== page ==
Hospitals are recommended to have MDTs for patients with diabetes by the National Institute for Health and Clinical Excellence. According to Diabetes UK, having these teams in place to ensure quick referral can help reduce the amputation rate in people with diabetes, which is more than 20 times higher than in people without the condition.

Diabetes UK South West Regional Manager, Graham Cooper, said: “We know that good footcare for people with diabetes is vitally important to prevent devastating complications such as amputations.  We hope that our recommendations are carefully considered and taken on board by the local health organisations.  In particular, we need to see that people with diabetes have access to a specialist MDT within 24 hours of referral at a hospital. Having these teams in hospitals can help reduce the amputation rate in people with diabetes, which is more than 20 times higher than in people without the condition. Diabetes UK would like local commissioners and providers to work together to implement an MDT. We will continue to campaign to get the best services for the more than 37,000 people affected by diabetes in Gloucestershire.”

Alex Harrington, Clinical Lead Podiatrist with Gloucestershire Care Services and a member of the South West NHS Diabetes Footcare Network, said: “It is fantastic that so many people came along to the consultation events and took the time to fill in the questionnaires which fed into this report.  It is really important that we listen to those who were involved, and provide early intervention and prevention which can help improve the outcomes for people with diabetes. It encourages people to be involved in their own care and equipped for self-management in the years to come. I hope that we can work together as a health community – continuing to work across different organisations to develop and improve services – to take forward the recommendations from the report and improve the health outcomes for people with diabetes in Gloucestershire”.

Gloucestershire Clinical Commissioning Group lead for Diabetes, Dr Jeremy Welch said: “We welcome the report’s publication and look forward to discussing the key themes in detail with local diabetes leads. This, along with the outcome of the footcare review, will be used to inform and shape future developments.”

Notes to editor:

1 Diabetes UK is the leading UK charity that cares for, connects with and campaigns on behalf of all people affected by and at risk of diabetes.  For more information on all aspects of diabetes and access to Diabetes UK activities and services, visit www.diabetes.org.uk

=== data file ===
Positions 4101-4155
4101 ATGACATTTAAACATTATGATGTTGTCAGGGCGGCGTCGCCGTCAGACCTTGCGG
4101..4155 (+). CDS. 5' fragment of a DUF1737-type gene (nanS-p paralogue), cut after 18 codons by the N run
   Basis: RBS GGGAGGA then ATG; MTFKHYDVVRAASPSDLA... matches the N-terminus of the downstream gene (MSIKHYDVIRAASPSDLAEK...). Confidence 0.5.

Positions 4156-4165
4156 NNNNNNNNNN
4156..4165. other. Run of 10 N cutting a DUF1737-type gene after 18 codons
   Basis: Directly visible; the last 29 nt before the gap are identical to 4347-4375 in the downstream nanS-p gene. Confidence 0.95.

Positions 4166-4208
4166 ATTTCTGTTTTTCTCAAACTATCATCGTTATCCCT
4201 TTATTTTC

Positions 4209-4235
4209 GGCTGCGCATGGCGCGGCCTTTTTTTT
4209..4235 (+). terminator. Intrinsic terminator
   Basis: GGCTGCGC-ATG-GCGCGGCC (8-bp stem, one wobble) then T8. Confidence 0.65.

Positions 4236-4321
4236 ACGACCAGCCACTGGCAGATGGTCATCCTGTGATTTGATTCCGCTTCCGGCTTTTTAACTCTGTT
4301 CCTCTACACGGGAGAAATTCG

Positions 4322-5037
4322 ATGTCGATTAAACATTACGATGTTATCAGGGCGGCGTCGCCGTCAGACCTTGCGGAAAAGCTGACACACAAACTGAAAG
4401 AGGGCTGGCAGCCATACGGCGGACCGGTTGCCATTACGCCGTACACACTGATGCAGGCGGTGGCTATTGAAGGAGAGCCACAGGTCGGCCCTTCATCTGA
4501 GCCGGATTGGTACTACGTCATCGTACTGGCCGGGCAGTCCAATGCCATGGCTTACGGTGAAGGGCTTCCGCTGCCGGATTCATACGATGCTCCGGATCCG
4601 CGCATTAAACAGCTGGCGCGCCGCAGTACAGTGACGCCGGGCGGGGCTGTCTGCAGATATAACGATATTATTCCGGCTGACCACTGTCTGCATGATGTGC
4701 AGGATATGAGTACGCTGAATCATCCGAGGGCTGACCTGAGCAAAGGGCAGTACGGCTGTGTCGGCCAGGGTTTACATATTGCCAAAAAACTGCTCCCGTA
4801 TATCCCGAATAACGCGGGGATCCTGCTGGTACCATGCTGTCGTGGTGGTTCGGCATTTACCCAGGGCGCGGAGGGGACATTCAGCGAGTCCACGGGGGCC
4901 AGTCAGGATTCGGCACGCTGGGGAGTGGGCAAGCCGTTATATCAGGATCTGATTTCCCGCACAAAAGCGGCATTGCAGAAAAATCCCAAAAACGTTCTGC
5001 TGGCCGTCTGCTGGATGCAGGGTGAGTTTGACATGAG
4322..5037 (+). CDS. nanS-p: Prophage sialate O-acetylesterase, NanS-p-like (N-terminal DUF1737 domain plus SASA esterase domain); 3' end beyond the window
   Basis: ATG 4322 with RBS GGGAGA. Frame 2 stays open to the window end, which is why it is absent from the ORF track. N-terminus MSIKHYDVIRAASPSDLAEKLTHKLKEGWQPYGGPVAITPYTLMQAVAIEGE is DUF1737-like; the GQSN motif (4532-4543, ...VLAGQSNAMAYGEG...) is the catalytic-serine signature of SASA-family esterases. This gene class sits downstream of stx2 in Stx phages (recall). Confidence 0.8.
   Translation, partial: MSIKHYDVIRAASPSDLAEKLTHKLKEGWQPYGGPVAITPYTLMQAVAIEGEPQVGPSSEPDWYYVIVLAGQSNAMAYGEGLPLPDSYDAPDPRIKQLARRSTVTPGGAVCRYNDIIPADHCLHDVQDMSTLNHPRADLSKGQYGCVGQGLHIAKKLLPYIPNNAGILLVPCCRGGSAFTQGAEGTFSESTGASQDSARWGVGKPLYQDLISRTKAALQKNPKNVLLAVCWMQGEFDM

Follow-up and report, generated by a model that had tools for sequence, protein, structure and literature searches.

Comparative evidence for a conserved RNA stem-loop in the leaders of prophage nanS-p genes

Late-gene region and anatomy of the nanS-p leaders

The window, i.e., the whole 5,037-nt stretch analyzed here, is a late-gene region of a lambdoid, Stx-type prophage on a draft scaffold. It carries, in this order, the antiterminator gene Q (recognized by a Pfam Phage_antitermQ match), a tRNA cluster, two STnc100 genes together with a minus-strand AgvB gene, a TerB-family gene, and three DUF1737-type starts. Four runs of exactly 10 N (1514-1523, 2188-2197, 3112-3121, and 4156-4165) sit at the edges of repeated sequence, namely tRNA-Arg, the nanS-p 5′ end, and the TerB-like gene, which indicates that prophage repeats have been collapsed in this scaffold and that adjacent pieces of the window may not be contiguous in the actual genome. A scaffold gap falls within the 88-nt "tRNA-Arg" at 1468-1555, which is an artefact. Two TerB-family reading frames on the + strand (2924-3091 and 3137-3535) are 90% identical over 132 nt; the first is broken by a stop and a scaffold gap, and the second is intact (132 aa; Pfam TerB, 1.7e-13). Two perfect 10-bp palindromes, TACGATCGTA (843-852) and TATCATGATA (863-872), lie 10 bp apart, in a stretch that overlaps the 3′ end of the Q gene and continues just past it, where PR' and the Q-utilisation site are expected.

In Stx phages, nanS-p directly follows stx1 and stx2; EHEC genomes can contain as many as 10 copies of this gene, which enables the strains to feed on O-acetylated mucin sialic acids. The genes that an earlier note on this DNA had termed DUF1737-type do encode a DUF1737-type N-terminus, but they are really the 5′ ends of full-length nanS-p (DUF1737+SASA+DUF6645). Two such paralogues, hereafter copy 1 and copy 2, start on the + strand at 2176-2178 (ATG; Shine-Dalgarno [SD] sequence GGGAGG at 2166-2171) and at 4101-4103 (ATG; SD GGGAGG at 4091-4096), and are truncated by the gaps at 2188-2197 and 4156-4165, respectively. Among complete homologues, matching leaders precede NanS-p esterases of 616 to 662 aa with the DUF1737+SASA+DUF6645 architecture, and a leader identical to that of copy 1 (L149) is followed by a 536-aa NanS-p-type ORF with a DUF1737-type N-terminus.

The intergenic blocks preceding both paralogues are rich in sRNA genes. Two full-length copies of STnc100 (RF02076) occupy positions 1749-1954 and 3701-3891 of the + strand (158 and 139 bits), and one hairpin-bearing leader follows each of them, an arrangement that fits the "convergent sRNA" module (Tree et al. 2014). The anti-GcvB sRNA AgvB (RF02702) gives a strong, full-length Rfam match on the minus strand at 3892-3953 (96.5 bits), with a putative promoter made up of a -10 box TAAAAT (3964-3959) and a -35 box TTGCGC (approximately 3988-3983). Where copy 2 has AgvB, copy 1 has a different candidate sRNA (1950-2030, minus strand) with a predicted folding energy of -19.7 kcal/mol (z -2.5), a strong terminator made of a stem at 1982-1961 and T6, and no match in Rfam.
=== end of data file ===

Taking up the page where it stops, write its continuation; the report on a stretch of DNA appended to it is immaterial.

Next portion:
2 In the UK, there are around 3.7 million people who have diabetes.  There are 2.9 million people living with Type 1 and Type 2 diabetes, and around 850,000 more who have Type 2 diabetes but don’t know they have it because they haven’t been diagnosed.  As many as 7 million people are at high risk of developing Type 2 diabetes and if current trends continue, an estimated 5 million people will have diabetes by 2025.
3 Diabetes is a condition where there is too much glucose in the blood because the body cannot use it properly.   If not managed well, both Type 1 and Type 2 diabetes can lead to devastating complications.  Diabetes is the leading cause of blindness in people of working age in the UK and is a major cause of lower limb amputation, kidney failure and stroke.
4 People with Type 1 diabetes cannot produce insulin.  About 10 per cent of people with diabetes have Type 1.   No one knows exactly what causes it, but it’s not to do with being overweight and it isn’t currently preventable.  It usually affects children or young adults, starting suddenly and getting worse quickly.  Type 1 diabetes is treated by daily insulin doses – taken either by injections or via an insulin pump – a healthy diet and regular physical activity.
5 People with Type 2 diabetes don’t produce enough insulin or the insulin they produce doesn’t work properly (known as insulin resistance).  85 to 90 per cent of people with diabetes have Type 2.  They might get Type 2 diabetes because of their family history, age and ethnic background puts them at increased risk.  They are also more likely to get Type 2 diabetes if they are overweight.  It starts gradually, usually later in life, and it can be years before they realise they have it. Type 2 diabetes is treated with a healthy diet and increased physical activity.  In addition, tablets and/or insulin can be required. 

6 For more information on reporting on diabetes, download our journalists’ guide: www.diabetes.org.uk/journalists-guide